The experiments conducted for this action allow for the first time to return to some of the overlooked methodological concerns about GT by relying on novel experimental data collected in the laboratory and online. I examined the convergent validity of GT as a proxy for intergroup attitudes and implicit prejudice. Moreover, a few exceptions notwithstanding, little is known about the predictive validity of GT. I examined this research gap by exploring the correlations between (explicit and implicit) intergroup attitudes and behaviour (Trust Game and social distance as measured by Seating Distance). Results suggest that the relation between on the one hand GT and on the other hand, in-group attitudes, out-group attitudes, and behaviour, might be weaker than expected. More specifically, only two correlations run in the expected direction: feeling warmer towards out-groups negatively correlates with transfers to in-groups, while higher Implicit Association Test (IAT) scores negatively correlate to transfers to out-groups. In contrast, relying on a larger sample than typical in social psychology, I could not replicate the negative correlation between the IAT and Seating Distance towards out-groups. Another striking finding is that participants who had completed an IAT before the Trust Game, transferred less money to an out-group, which goes to suggest that the IAT may act as a prime and necessitates further research. All correlations are examined in the larger online sample, randomizing the order of tasks and introducing a novel behavioural measure (willingness to enter a chat room with an ethnic in-group or out-group). Finally, I started data collection before the onset of Covid-19 pandemic and have continued to do so during the pandemic. As such, this allows me to explore whether a natural hazard has the potential to exacerbate negative feelings and behaviour towards out-groups, while inducing greater in-group favouritism, and how generalized trust impacts these relations.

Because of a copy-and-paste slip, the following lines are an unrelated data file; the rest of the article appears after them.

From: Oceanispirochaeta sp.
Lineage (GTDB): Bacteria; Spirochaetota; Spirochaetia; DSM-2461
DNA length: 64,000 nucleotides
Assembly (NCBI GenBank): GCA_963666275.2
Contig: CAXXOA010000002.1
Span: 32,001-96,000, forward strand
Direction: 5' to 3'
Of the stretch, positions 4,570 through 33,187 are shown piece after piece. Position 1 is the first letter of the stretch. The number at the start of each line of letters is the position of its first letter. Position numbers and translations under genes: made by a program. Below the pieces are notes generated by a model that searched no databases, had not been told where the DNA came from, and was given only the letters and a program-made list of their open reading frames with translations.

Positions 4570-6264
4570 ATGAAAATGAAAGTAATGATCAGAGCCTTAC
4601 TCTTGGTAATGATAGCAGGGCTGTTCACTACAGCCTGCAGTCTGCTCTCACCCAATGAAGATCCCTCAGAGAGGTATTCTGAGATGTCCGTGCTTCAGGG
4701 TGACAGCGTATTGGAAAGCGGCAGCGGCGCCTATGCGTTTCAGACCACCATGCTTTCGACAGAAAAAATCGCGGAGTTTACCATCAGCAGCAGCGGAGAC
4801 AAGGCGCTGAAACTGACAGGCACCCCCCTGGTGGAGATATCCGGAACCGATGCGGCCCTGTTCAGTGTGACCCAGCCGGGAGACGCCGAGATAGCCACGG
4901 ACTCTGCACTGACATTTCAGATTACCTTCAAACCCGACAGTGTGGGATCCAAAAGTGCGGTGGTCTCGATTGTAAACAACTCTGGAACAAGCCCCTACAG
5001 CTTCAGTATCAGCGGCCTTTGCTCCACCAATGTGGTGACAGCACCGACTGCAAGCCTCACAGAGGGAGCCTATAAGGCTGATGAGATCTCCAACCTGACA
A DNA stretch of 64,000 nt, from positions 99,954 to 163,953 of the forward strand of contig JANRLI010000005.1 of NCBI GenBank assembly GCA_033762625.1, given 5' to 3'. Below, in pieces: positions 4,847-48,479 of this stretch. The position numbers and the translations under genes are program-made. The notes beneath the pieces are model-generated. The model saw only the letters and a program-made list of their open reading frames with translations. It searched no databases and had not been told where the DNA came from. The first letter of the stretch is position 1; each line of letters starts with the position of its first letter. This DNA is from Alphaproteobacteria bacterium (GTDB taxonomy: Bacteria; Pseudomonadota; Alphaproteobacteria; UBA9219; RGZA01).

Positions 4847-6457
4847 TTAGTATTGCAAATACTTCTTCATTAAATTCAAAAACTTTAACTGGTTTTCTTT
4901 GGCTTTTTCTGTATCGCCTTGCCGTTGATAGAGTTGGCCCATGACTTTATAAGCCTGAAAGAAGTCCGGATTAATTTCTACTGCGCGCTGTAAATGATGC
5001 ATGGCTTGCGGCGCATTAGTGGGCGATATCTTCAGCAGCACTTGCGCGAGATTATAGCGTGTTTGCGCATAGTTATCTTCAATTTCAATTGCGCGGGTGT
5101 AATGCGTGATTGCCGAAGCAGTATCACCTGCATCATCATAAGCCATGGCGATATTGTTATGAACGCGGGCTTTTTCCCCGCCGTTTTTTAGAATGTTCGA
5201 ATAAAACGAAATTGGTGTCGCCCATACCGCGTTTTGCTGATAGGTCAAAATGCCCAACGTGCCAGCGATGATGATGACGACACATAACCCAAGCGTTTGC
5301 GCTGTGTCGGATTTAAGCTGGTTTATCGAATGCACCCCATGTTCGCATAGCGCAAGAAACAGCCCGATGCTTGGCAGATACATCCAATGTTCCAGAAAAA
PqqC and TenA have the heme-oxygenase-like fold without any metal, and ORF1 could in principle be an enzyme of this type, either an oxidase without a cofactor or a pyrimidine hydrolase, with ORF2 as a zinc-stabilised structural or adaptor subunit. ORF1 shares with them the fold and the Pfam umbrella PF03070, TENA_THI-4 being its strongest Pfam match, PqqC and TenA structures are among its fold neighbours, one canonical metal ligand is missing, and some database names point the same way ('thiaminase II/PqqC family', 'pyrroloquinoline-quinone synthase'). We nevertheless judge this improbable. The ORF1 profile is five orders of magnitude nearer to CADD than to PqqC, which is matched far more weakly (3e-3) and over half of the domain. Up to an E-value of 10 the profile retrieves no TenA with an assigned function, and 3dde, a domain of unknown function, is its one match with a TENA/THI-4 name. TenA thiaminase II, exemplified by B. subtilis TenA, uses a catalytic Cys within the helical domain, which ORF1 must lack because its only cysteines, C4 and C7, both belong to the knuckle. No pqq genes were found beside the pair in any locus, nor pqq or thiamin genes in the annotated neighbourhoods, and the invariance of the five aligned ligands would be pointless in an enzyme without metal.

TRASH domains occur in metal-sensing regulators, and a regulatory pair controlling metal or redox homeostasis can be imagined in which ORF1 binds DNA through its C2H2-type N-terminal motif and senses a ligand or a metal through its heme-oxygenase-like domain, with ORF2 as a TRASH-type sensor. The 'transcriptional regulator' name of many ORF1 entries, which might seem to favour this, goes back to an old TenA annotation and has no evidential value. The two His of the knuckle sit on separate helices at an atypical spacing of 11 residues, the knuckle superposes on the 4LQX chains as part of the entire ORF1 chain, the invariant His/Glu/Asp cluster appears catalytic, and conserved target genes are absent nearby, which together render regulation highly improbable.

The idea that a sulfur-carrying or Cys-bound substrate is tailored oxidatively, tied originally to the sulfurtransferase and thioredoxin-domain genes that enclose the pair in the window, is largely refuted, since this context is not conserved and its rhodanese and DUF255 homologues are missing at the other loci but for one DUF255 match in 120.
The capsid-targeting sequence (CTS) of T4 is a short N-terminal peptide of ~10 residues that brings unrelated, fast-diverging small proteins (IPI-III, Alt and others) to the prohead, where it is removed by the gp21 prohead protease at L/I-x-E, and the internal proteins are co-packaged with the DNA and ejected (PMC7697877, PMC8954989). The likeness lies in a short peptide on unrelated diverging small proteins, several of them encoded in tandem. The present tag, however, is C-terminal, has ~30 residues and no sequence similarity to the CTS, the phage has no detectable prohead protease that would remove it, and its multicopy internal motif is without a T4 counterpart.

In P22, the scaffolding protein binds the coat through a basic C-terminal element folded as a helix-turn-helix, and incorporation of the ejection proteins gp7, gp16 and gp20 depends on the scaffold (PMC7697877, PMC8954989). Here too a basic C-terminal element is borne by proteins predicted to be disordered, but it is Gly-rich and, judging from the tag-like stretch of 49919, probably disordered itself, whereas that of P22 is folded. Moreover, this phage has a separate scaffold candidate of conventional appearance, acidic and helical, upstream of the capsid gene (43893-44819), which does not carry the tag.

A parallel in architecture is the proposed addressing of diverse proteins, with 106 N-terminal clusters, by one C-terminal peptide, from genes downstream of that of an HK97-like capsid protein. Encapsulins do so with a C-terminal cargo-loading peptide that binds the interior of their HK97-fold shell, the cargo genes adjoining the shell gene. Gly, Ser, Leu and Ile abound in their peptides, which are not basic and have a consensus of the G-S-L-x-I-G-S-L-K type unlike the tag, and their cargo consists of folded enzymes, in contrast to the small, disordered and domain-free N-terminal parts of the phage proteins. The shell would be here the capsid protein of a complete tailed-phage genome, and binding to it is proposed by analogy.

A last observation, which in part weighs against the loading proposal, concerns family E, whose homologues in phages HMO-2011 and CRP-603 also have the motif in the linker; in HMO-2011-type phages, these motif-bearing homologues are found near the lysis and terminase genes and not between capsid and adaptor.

In sum, this project examines the validity of Generalized Trust (GT) as a proxy for out-group attitudes, implicit race bias, and its relation to behaviour in an unprecedentedly broad manner using an innovative experimental protocol. Moreover, I explored the effect of the Covid-19 pandemic on these relations and the impact of taking an IAT on subsequent behaviour. Results are relevant to political methodologists, psychologists, and survey researchers interested in the diversity-trust nexus. When studying the trust radius at the individual level, I therefore suggest analysts should consider alternative mechanisms going beyond intergroup relations. Social psychology has in intergroup relations theory one of its most valuable explanatory tools. Despite its intuitive appeal, scholars and policymakers alike should not lose sight of areas in which it may have little predictive power. The present study articulates this problem for individual-level studies of trust that take self-reported survey questionnaires at face value.